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Abstract Title: Comparing Inquiry Labs to Traditional Labs in Introductory College Physics
Abstract: This study investigates the impact of changing two aspects of a traditional physics I lab on student attitudes and retention.  First of all, the labs were changed from cook book  style labs where students were told exactly what to do in each step of the lab to inquiry labs where students were asked to determine the best way to approach solving a problem with the given equipment.  The second change involved using more basic equipment such as stop watches and meter sticks instead of the more complicated equipment normally used in physics I labs.  It was theorized that students would understand the physics behind the labs more clearly if they did not have to spend a large portion of the lab learning to use the equipment and getting it to work correctly.  This study involves three physics I labs taught by the same professor during the summer of 2013.  Two of the classes were taught using the standard lab book and equipment.  The third class was taught using different labs with different equipment to teach the same physics concepts.  We found that students enjoyed the inquiry labs more and looked forward to the next assignment.  Furthermore students spent less time getting the equipment to work and more time learning the physics concepts.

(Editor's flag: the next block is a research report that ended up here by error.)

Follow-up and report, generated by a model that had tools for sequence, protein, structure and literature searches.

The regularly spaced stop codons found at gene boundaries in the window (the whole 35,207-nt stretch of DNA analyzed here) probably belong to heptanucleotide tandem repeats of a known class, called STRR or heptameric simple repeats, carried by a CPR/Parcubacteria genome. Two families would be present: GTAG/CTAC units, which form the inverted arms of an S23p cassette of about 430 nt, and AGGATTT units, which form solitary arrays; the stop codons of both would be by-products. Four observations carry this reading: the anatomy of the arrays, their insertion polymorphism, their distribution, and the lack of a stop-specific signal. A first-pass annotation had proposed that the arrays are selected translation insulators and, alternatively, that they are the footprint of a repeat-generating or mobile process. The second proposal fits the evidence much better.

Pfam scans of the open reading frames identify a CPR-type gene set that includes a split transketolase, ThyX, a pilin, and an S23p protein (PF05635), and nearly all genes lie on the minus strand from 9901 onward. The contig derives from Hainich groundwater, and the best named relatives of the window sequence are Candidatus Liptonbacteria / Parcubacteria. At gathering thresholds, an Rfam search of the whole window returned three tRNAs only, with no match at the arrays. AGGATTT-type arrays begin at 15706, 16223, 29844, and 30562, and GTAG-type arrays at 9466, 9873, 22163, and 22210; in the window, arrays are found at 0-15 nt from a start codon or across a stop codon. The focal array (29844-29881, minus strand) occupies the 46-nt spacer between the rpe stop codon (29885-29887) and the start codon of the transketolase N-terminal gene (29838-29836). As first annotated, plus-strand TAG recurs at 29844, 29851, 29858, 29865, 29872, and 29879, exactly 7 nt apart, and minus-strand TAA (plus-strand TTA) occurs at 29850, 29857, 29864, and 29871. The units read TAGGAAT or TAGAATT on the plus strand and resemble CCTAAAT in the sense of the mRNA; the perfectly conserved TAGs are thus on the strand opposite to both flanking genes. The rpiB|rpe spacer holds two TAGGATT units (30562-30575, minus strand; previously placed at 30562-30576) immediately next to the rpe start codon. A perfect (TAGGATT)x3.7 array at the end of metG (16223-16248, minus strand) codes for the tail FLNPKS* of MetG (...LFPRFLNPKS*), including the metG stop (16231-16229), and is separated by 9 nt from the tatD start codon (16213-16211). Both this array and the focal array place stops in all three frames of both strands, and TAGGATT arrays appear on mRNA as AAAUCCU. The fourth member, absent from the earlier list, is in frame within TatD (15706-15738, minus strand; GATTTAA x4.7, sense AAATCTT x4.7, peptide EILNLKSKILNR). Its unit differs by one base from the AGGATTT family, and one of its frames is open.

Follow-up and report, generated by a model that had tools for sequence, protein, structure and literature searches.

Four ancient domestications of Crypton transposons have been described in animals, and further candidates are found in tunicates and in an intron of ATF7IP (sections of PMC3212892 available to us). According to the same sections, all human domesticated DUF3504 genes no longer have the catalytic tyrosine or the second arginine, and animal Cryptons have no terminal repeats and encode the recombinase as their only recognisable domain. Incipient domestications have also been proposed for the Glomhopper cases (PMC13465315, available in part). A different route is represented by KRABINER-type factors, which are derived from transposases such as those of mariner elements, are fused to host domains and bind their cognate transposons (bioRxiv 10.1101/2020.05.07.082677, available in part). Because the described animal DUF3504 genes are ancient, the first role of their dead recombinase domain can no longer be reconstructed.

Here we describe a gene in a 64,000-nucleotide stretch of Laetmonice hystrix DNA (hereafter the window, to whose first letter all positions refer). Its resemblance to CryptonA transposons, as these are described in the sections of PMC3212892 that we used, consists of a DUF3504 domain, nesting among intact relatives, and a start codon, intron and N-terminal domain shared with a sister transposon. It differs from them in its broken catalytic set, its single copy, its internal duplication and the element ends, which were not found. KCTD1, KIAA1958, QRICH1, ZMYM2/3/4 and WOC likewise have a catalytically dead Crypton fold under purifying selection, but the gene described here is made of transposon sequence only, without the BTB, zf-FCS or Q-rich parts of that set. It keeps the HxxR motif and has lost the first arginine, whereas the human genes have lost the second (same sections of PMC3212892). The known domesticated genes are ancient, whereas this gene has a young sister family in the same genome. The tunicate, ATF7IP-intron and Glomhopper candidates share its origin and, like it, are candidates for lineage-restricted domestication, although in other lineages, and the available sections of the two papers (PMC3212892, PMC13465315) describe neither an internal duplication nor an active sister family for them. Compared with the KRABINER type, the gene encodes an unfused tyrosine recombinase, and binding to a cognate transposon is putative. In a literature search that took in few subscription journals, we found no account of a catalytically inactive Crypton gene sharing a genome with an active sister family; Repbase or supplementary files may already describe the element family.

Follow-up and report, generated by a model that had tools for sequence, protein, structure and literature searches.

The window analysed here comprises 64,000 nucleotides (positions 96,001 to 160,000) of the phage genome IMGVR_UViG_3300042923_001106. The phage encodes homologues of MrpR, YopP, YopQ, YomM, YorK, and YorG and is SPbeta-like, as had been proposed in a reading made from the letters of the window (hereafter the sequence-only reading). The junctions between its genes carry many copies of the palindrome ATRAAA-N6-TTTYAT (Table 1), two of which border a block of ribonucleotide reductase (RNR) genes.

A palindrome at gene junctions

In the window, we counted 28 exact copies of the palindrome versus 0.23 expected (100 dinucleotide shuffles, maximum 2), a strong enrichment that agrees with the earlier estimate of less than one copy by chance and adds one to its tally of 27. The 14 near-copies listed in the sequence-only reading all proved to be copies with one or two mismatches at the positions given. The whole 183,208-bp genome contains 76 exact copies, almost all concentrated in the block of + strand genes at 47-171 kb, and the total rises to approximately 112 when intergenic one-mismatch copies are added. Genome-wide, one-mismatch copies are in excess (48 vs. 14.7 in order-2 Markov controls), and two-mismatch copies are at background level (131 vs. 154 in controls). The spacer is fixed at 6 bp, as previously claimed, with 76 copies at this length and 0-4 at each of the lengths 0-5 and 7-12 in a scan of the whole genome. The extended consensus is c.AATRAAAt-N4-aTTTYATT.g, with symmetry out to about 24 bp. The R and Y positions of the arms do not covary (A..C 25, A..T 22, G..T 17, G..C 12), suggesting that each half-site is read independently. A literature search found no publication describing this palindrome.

Abstract Type: Contributed Poster Presentation

Author/Organizer Information

Primary Contact: Erin C. Sutherland, EdD
Kennesaw State University
1100 South Marietta Pkwy
Marietta, GA 30060
Phone: 256-714-8495
Fax: 678-915-7223
and Co-Presenter(s)
David Rosengrant, EdD, Kennesaw State University